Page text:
It was doubly sad the other night to see Virginia Gay deliver a speech from her Covid-cancelled Cyrano on the ABC’s Q&A and no less so for the fact that she did it brilliantly: we can only hope and pray that in some unimaginable re-opened future the world gets to see Sarah Goodes’ production of this revamped version of this romantic French classic about the guy who writes the love letters for a mate. It was a strange coincidence to read in the obituary for Jean-Paul Belmondo, that rough French actor who took the world by storm when he made Godard’s Breathless, that when he went back on stage it was in Cyrano de Bergerac and that the great punk of the French cinema notched up 230 consecutive performances of Rostand’s tragicomedy which is an astonishing feat for a piece of classical theatre.
God knows what folly it was to say once to Pierre Rissient, the man who came regularly to Australia to select films for Cannes and who was an enthusiast for the work of Jane Campion who has just won the Silver Lion for best director at Venice for The Power of the Dog – that I thought Bresson’s Diary of a Country Priest was superior to Breathless. The man who had a passionate interest in Australian writing looked at me and said mildly, ‘I did the edit on Breathless’.
Festivals, if they can be managed in the plague time, are a tremendous boon, and it’s cheering to see that the Venice Film Festival gave its best actor award to Penélope Cruz for her role in Almodovar’s Parallel Mothers.
Many years ago, that remarkable teacher of film criticism John Flauss used to declare that Marlene Dietrich was a great actress but only when she acted for von Sternberg. That seems to narrow the scope too much for that extraordinary woman who crystallised the Germany of the Weimar years in The Blue Angel but is also a gleaming presence in, say, Orson Welles’ Touch of Evil and Billy Wilder’s Witness for the Prosecution, even if the later von Sternberg films such as The Scarlet Empress certainly justify Flauss’s accolade. In any case, Penélope Cruz has always seemed to be a great actress when she acts for Almodovar even if Hollywood – apart from Woody Allen’s Vicky Cristina Barcelona – can make her seem ordinary. It’s weird too that Almodovar who started out looking like an erotic farceur, if a very accomplished one, became a director of such humane breadth in films like All About My Mother, Talk to Her and Bad Education.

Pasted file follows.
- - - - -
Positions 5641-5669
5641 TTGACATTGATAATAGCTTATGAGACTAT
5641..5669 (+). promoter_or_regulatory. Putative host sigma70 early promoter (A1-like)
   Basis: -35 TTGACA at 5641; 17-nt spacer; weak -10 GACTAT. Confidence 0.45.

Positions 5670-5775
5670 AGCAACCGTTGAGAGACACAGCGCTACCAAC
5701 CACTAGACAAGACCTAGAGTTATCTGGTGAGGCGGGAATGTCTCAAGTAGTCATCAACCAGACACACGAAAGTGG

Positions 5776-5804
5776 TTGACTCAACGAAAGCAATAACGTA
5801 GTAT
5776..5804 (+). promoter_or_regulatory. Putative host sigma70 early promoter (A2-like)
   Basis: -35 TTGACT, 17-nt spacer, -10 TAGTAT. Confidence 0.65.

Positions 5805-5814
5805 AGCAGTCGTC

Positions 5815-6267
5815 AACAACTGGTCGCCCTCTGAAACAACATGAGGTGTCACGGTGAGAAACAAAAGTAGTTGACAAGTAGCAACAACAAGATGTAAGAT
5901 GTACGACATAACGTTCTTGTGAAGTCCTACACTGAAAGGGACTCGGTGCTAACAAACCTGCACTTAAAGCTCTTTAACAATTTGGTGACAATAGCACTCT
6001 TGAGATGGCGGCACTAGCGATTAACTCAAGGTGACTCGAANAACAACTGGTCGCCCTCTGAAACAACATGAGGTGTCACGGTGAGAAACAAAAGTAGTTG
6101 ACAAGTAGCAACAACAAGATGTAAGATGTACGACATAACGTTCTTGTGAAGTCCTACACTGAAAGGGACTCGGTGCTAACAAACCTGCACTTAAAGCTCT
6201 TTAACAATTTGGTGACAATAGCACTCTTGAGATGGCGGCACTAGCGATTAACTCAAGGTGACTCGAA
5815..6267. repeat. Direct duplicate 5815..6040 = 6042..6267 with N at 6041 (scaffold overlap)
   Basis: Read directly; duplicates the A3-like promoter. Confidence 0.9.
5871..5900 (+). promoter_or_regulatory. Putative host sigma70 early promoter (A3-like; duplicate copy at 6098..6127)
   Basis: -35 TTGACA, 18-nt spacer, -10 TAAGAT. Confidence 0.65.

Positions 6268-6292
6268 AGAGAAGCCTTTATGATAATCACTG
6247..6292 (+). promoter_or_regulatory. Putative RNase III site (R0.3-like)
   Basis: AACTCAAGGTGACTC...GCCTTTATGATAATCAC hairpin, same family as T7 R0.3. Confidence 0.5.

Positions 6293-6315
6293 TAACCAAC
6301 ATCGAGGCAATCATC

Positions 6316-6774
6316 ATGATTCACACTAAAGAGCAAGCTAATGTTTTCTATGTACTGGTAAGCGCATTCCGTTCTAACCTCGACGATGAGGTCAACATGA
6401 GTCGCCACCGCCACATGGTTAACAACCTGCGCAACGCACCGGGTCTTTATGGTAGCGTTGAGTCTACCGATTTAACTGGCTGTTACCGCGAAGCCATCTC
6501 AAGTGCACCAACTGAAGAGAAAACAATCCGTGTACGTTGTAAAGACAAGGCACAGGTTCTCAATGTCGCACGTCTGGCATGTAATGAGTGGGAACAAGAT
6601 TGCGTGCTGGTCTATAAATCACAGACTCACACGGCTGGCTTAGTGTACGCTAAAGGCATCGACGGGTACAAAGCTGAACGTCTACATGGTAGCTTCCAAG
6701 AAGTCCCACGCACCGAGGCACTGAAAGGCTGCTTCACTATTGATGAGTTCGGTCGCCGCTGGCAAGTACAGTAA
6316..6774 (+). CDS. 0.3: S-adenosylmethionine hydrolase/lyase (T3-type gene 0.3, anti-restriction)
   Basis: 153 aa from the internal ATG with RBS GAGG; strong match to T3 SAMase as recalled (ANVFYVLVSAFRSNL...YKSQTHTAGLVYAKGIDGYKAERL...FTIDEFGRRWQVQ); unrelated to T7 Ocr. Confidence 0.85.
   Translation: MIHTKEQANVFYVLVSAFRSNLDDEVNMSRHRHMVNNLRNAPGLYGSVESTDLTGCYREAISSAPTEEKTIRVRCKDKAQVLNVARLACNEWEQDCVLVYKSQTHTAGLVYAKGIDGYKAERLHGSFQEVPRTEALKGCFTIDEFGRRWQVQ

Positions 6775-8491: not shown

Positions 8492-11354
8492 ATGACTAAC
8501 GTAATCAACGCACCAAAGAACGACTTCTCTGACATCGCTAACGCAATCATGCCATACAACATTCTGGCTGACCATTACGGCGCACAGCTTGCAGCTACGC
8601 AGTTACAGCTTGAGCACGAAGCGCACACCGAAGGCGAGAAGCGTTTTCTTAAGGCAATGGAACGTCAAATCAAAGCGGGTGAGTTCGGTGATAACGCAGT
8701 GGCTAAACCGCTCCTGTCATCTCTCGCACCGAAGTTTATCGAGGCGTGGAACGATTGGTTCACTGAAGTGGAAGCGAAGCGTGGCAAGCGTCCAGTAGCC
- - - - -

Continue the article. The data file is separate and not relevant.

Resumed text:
The Venice festival was a reminder too of the fact that Almodovar has done a revamp of Cocteau’s The Human Voice with Tilda Swinton which has been done by all manner of great actresses from Ingrid Bergman to Anna Magnani and which Melbourne saw on stage many years ago performed by another actress forever associated with one director, the great Liv Ullman, the lover and collaborator of Ingmar Bergman.
In locked-down Australia Venice seems as distant as the moon but the city of Casanova, the city where we meet Othello, was brought to mind recently by watching several films with that fine actress Diane Lane. There was the offbeat murderously black Let Him Go in which she and Kevin Costner go in quest of their grandchild and fall into the hands of a Southern clan from hell led by that Mike Leigh veteran Lesley Manville in an almost terminally fearsome approximation to a Bette Davis part.
Then there was Lane as a woman of 50 or so playing the wife of Tim Robbins in Cinema Verité in which she plays a real-life woman who allowed her life and her family’s to be filmed by a documentary maker played here by The Soprano’s James Gandolfini. And then culminating this mini-festival of a fine actress there was that famous catastrophe of a film Serenity in which Lane has a handful of masterfully turned scenes in which she plays a mature woman, commanding and attractive, who pays Matthew McConaughey for sex.
Serenity confounded every audience which saw it: it’s a film-noir with Anne Hathaway improbably cast in what looks like a Lauren Bacall role as a woman who’s mistreated by a sadistic husband and has one of those wacko computer game rationales like The Matrix but it is also full of wonder and water and big fish, all shadowed by the spectre of willed murder. It’s by Steven Knight the man who made that riveting offbeat film, Locke, in which we see no one but Tom Hardy in a car as he drives from Wales to London, talking on the phone to all the women in his life (Olivia Colman, Ruth Wilson, Alice Lowe) as he speeds towards the hospital where a girlfriend is giving birth.
But before we saw the cameos of Diane Lane in the riveting, flawed Serenity we saw her as a young teenager who falls in love with an equally young French boy and they decide they have to get from Paris to Venice and kiss under the Bridge of Sighs. A Little Romance is an exquisite tiny gem of a film by George Roy Hill, one of the Hollywood superhacks: he made Butch Cassidy and the Sundance Kid and in a neat bit of self-reflexiveness we watch the French boy watching Paul Newman and Robert Redford doing that film in dubbed French plus the anomaly of John Wayne speaking the language of Rostand and Racine.
It adds to the charm of A Little Romance that the two teen runaways –whose tryst is always presented as romantic not as an object for adult erotic voyeurism – are aided in their adventure by an aging conman played by Laurence Olivier, of all people. Larry said of Lane – who is a thirteen-year-old in the film – that she was ‘the new Grace Kelly’.
A Little Romance is a sweet archaic film and Lane is quite a princess. Olivier’s performance is more reminiscent of Maurice Chevalier than of his own classical peer, Jean-Louis Barrault.
Still, his Othello ranks with that of Paul Robeson in the estimation of James Earl Jones. And if you want a glimpse of him at his grandest, watch him again in Kubrick’s Spartacus (now on Binge). His cry of rage and terror, almost at the end, is staggering.
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